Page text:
This is a little late in coming, but when I wanted to write, superstition did not allow it. Let me explain. This post is based on a lead* I gave at an AA meeting a little while ago. I was tumbling it around a week or so before the lead and I really wanted to write, but alas no. My silly rule about giving a lead is that it can’t be written down. Somehow it makes it less genuine. Like I said superstitious, but here it is.
*A lead for those you who don’t know is a testimony at an AA meeting, discussing one’s sobriety, how it happened and what part AA played in that process.
First off I should say this is going to be a discussion of faith. More precisely how my faith has evolved, especially while I’ve been sober. It wasn’t what I bargained for to say the least. I kind of missed it the first few 100 times I read the Big Book, but it clearly states on page 45, “the point of this book is to get you in touch with a higher power.” To be completely honest I walked into AA looking to stop hurting, not to mention the drinking and drug use. The discussion of faith however, starts before I entered AA.
I came of age as a post-Vatican II Catholic. I mention that because it was a Catholic school experience very different than a generation before me and it’s why I take with a grain of salt anyone my age or younger who talks about the brutality/sadistic/horrible experience of Catholic school. That’s not to say abuse and horrible things didn’t (and still) occur to my fellow parochial alums, but that just wasn’t my experience. This was the time of Godspell and Jesus Christ Superstar. I had a lot of guitar playing nuns who constantly told me how cool Jesus was and that He and God loved me, unconditionally. And there was the sticking point. I never was told about a vengeful God, an angry God, any of that stuff. I got to listen to “Day by Day” and contemplate a loving, personal God and I couldn’t believe it. That’s what it came down to, really. I just didn’t believe in a God that loved me without any conditions. By the time I reached high school I had no faith, no belief that God was there. Ultimately it came down to the feeling that since I wasn’t really worthy of this grace, since I was an awful person who was undeserving of such grace I simply gave up on the whole business of religion and faith.
The feelings of self-loathing and the poor self-image that I held of myself only intensified while I was in college. The lack of any faith was occasionally troubling, but I didn’t do much about it. I also didn’t get the correlation between my spiritual void and my drinking that intensified greatly during my college years. Once in a while I tried to get in touch with a more spiritual experience, but it usually involved smoking a great deal of pot, listening to the Beatles (only the heavy sitar stuff) and falling asleep. I also spent a few afternoons on Bong (no really) Hill (stoned, drunk and sober) looking for some kind of connection to something greater, but even more poignant a greater connection to my friends. Not that it should come as a surprise, none of this worked. What made this even more ineffective was that the social aspects of drinking and drug use weren’t effective anymore. I tried to keep the party going, but in reality I just didn’t feel the same. More to the point if I’m being completely honest, the reasons why I was drinking and smoking pot had changed. It wasn’t an attempt to fit in any longer; it was about turning off my mind. I was completely miserable. From the time I woke up until the time I passed out, all I wanted to do was take the edge off, to get to a place of numbness. More than anything, again being completely honest, the main reason I quit drinking was that it wasn’t accomplishing that task anymore. Even when I couldn’t remember, others would remind me (more like inform me) about the night before. Calling people in a rage or a depressive stupor is not a place of numbness maybe for me but definitely not for the people on the other end of the phone. The ultimate end came when I had alienated all of my friends, continued to try and use drinking and drugs to find some peace and couldn’t, and ruminated about suicide, day and night, drunk and (rarely) sober. I literally walked into AA not wanting to die, either by my own hand or something stupid like choking on my own vomit. Considering I vomited every night I drank (with or without knowing it) it was a real possibility.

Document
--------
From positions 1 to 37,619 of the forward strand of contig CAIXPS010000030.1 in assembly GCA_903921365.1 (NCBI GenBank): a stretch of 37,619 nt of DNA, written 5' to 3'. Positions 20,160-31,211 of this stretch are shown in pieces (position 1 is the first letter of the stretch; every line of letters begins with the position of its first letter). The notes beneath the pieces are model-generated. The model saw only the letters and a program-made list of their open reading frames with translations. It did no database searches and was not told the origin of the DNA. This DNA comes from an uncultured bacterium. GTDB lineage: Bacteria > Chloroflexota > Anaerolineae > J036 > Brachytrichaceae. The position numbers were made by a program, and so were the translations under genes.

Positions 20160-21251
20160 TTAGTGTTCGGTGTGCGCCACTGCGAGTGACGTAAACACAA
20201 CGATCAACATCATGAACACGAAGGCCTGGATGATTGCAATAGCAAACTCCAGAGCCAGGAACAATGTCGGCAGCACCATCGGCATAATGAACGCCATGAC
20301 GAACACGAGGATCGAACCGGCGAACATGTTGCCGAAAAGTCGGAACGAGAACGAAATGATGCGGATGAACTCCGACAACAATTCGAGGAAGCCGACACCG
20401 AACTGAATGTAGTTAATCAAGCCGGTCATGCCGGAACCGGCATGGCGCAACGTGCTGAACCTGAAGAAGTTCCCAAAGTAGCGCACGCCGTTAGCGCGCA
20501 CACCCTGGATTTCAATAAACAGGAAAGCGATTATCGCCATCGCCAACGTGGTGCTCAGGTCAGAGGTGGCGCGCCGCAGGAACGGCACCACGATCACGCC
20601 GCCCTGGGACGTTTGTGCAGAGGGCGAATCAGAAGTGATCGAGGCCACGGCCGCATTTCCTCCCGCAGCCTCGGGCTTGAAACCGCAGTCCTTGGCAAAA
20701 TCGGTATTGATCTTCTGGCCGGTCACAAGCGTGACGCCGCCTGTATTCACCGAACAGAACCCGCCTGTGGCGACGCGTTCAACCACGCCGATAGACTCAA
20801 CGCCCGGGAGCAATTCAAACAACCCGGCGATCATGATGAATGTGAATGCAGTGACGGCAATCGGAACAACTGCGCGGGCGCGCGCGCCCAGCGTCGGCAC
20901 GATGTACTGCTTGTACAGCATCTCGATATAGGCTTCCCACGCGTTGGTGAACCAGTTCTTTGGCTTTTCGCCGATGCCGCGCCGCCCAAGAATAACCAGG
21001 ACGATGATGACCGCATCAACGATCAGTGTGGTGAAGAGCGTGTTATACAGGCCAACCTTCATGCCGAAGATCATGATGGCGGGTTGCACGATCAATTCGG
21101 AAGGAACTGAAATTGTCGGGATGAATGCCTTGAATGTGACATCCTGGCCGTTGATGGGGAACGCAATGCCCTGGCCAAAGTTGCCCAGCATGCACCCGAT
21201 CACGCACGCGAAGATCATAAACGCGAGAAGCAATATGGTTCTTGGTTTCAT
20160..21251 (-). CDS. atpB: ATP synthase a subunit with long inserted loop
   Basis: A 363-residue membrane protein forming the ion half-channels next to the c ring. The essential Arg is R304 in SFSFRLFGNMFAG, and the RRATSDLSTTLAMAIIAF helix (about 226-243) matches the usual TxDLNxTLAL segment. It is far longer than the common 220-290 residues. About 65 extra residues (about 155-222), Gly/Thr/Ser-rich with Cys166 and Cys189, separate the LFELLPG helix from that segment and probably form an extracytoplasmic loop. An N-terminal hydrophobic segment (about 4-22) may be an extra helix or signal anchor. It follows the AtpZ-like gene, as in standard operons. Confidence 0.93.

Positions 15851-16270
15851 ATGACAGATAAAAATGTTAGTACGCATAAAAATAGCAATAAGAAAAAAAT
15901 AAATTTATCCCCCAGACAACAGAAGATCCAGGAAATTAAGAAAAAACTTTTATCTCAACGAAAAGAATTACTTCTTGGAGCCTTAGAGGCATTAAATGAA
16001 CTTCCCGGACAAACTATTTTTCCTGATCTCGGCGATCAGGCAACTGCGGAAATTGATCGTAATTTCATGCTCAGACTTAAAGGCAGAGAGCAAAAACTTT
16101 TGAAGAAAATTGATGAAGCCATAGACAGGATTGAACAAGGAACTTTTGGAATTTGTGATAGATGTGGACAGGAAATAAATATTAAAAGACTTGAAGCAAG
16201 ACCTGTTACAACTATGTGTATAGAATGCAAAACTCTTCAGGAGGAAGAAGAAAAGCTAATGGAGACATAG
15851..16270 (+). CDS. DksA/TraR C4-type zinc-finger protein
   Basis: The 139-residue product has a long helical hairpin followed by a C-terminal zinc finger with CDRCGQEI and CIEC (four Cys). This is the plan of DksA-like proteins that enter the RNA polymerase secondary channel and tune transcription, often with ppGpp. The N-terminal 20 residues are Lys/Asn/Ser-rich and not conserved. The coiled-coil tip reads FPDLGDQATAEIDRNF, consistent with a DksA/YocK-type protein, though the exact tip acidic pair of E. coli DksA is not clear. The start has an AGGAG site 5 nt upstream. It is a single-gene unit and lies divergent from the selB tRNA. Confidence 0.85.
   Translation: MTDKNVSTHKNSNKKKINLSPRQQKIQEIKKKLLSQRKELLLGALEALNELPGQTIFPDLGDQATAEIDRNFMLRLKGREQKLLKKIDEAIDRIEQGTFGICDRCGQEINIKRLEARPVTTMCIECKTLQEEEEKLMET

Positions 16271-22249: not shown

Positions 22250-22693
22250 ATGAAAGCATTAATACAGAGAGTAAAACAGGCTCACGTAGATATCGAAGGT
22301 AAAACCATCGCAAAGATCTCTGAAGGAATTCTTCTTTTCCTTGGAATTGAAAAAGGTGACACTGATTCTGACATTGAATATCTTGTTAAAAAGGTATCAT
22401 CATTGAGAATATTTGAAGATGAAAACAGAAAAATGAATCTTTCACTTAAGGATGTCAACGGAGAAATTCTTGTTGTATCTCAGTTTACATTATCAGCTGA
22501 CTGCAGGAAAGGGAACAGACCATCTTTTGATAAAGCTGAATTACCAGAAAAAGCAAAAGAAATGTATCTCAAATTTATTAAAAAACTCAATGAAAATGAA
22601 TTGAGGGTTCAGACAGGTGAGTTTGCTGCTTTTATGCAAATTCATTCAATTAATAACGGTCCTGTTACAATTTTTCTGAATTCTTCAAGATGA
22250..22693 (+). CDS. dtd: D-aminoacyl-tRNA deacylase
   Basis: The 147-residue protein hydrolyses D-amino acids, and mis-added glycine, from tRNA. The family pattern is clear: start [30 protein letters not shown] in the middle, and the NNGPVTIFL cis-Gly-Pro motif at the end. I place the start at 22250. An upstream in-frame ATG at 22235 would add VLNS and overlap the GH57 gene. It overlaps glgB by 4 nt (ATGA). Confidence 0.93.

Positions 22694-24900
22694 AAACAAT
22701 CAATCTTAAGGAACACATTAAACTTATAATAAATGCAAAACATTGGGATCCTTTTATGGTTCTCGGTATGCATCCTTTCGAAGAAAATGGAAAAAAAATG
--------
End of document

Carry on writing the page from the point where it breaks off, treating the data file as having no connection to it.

That first meeting is shadowy and in focus all at the same time. I got to the church basement and saw two guys talking. They were having what seemed to be a pleasant conversation. When I listened a little closer, I was certain that I was screwed. Actually, I remember my exact thought, “I’m fucked.” These two gentlemen were talking about being born-again. By this time my feelings toward organized religion were pretty harsh, particularly when it came to evangelicals and born again Christians. I remember sitting there just feeling hopeless, frightened and a little pissed off that this was what AA had to offer. A few more folks came into the basement and the meeting got started. The chair asked if anyone had a topic. One of the born-again guys raised his hand and thank God he did. It may have saved my life. He said, “Since we have a new comer I think we need to talk about AA and all this god bullshit.” Two minutes ago he was singing the praises of being born again, now it’s god bullshit? OK, got my attention; and that is about all I remember from that meeting. That born-again guy, who’s name is Fred, became my first sponsor in AA and has been one of the greatest blessings I’ve had in the program. We didn’t talk a lot about God after that first meeting, but when it came up I never felt put upon to believe a certain way or think a certain way; as a matter of fact Fred usually only referred to God as HP.